Vol 3 Section 0281

1899                                                                            231

March 8 WednesdaySam had agreed to give a reading and speech in German at a benefit for a charity hospital in the Festsaal of the Kaufmännische, where he had given his Concordia speech on Oct. 31, 1897. He shared the platform with Auguste Wilbrandt-Baudius) .

Sam’s notebook: March 8, ’99, Vienna. Read, this afternoon, with the poet Wilbrandt’s wife, for one of the Countess Wydenbruck-Esterhazy’s charities. (Lucerne Girl & Interviewer—had to leave out the Mexican Plug for lack of time.) Of course Frau W. was wholly ignorant of the length of her pieces. I told her she must restrict herself to 30 minutes, so that I could have 40, (and 5 for a German speech); she came loaded with an hour’s ammunition & confessed that she was only guessing at its bulk. She occupied the stage just an hour, & then I came before a perishing audience that had the death-rattle in its throat. I only saved their lives by cutting the M. Plug out of my program. Frau W. had privately added a long (written) speech glorifying me. I will never accept of help, musical or otherwise, on the platform again. Last year the music privately doubled its program. George W. Cable always stole 2/3 of the platform-time when we were out together—& with his platform-talent he was able to fatigue a corpse.

I have half-promised to go to Budapest & do a charity-reading. I bet I will run that show alone [NB 40 TS 54-55].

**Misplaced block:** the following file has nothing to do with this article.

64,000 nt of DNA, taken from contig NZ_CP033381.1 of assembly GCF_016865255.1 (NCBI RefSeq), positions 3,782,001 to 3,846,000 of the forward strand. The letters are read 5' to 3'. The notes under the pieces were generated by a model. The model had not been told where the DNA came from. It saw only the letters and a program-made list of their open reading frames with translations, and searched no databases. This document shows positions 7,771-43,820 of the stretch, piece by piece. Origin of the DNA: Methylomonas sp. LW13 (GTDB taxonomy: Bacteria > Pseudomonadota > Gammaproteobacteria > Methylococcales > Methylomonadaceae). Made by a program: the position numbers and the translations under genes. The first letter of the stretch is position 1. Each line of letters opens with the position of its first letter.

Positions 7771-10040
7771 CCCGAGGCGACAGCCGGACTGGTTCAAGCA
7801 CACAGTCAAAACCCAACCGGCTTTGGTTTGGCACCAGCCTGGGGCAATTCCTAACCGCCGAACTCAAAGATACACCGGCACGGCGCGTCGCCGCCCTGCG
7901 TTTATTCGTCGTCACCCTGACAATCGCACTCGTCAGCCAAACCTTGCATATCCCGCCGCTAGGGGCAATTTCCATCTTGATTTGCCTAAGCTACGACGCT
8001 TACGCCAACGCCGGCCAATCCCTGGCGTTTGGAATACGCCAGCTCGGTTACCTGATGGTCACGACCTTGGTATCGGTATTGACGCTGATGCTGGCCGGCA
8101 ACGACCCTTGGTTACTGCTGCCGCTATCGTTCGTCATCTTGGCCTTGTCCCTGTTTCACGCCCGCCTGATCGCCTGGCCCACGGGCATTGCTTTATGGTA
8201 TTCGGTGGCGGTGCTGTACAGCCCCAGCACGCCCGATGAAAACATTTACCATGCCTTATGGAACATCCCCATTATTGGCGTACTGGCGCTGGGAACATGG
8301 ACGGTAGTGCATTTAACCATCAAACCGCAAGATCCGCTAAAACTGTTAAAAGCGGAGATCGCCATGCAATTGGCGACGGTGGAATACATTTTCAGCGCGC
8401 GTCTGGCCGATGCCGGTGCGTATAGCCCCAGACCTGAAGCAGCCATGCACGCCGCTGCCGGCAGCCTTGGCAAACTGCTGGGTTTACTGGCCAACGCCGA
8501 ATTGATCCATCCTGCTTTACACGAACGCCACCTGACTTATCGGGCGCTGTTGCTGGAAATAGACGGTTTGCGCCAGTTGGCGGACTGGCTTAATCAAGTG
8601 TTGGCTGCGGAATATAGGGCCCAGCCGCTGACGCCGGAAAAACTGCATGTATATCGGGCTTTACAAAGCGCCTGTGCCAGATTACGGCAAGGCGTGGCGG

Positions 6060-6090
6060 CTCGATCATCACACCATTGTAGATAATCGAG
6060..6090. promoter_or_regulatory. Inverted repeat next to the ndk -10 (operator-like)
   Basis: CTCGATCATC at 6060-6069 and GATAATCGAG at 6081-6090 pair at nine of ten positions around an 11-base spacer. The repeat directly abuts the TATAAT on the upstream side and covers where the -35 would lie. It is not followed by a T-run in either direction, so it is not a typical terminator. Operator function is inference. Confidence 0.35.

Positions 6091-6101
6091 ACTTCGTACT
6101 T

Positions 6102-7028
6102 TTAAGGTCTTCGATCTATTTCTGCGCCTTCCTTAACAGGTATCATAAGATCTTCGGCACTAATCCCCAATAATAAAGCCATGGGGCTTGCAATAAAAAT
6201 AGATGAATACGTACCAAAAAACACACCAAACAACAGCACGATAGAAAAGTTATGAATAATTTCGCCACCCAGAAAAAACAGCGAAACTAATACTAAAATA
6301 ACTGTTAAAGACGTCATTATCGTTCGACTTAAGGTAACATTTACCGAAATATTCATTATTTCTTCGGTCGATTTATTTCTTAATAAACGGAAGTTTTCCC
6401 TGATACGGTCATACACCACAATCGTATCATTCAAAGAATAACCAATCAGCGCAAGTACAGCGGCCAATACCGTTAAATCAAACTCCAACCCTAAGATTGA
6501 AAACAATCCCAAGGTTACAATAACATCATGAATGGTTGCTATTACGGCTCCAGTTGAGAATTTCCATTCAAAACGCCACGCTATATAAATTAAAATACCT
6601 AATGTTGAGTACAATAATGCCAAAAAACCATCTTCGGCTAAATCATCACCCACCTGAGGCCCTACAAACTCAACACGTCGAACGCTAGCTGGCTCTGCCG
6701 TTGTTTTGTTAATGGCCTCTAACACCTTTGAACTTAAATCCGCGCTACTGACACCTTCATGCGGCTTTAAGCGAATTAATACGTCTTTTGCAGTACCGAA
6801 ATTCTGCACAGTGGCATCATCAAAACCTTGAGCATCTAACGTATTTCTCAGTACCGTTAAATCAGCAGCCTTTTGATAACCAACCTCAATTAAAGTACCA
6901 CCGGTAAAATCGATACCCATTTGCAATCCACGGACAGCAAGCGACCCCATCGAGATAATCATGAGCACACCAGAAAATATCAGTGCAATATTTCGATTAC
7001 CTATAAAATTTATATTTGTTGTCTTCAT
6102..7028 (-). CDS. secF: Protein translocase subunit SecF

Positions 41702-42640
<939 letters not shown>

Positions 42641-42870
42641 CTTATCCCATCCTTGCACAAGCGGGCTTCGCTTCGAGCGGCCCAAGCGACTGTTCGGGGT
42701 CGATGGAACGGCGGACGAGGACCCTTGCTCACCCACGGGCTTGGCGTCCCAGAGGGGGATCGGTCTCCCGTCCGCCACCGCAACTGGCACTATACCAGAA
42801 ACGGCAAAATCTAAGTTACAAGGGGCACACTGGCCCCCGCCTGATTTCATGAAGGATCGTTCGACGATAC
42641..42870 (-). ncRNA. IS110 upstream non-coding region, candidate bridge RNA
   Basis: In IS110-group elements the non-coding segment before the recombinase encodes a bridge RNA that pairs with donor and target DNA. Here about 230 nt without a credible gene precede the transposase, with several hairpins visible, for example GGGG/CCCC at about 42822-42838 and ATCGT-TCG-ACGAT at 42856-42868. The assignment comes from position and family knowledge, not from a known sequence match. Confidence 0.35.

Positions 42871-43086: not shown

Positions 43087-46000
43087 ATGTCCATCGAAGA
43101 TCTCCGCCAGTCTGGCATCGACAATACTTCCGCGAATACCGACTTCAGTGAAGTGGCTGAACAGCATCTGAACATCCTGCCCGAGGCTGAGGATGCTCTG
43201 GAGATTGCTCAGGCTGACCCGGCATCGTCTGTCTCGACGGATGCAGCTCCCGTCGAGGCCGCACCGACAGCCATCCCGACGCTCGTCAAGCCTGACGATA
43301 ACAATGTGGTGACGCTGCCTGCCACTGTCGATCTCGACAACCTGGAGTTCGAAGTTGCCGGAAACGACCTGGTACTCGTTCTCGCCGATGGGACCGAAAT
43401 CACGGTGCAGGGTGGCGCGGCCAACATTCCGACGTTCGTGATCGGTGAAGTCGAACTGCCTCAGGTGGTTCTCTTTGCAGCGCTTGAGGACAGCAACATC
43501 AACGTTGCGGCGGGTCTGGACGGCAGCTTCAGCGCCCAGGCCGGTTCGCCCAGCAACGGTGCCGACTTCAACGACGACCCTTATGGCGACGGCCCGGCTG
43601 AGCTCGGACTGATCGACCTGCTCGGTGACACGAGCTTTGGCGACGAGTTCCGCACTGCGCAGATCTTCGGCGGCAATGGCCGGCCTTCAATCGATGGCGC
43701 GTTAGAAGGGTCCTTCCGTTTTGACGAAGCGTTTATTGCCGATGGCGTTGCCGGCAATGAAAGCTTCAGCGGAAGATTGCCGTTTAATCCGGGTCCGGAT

Note: See also Dolmetsch 118. Katona writes: “Hungarian sources, led by A HET (no. 13, 1899), accused the author of accepting the invitation to lecture in the Hungarian capital only because he was in desperate need of money. However, there is no evidence that he received any fee in Budapest, and English sources deny it”

              Clearly, besides the above NB entry, Sam was no longer lecturing for fees by this time, and did so only for charity, if at all. Dolmetsch writes that Mór Jokai (1825-1904), “Hungary’s premier writer in that era…may have had something to do with the American humorist’s invitation to Budapest” [54].

March 9 Thursday – At the Hotel Krantz in Vienna, Austria, Sam replied to Francis H. Skrine, whose letter is not extant. Evidently the Skrines had offered to rent a house reasonably to the Clemenses when they returned to London.

“If we were going to abide in London again you wouldn’t have to make that offer twice, but we shall merely pass through, on our way home next autumn. If I see anyone here who wants a house I will remember & speak” [MTP].

March 10 Friday – In Vienna, Austria, Sam wrote to Auguste Wilbrandt-Baudius (Mrs. Adolf von Wilbrandt).

“I am rested-up again, & am young again; & as my first pleasure I wish to thank you in the best & heartiest words for taking half my burden off my shoulders, & for so stirring the hearts of those people with the beauty & pathos of your reading; & for saying those gracious things of me.

Sam asked if she would send the lines so he might keep them for memory’s sake [MTP]. Note: Sam had shared

the platform with Auguste on Mar. 8. See entry.

Sam gave a charity reading of his sketch “The Lucerne Girl,” to a fashionable audience. He described how he had been interviewed and ridiculed. A fragment of his introduction survives under the chapter title, “A New German Word” Mark Twain’s Speeches, 1910, p. 55; the complete text is lost:

I have not sufficiently mastered German to allow my using it with impunity. My collection of fourteen-syllable German words is still incomplete. But I have just added to that collection a jewel—a valuable jewel. I found it in a telegram from Linz, and it contains ninety-five letters:


SLC used mourning border for most letters from Susy’s death on, then from Livy’s death on.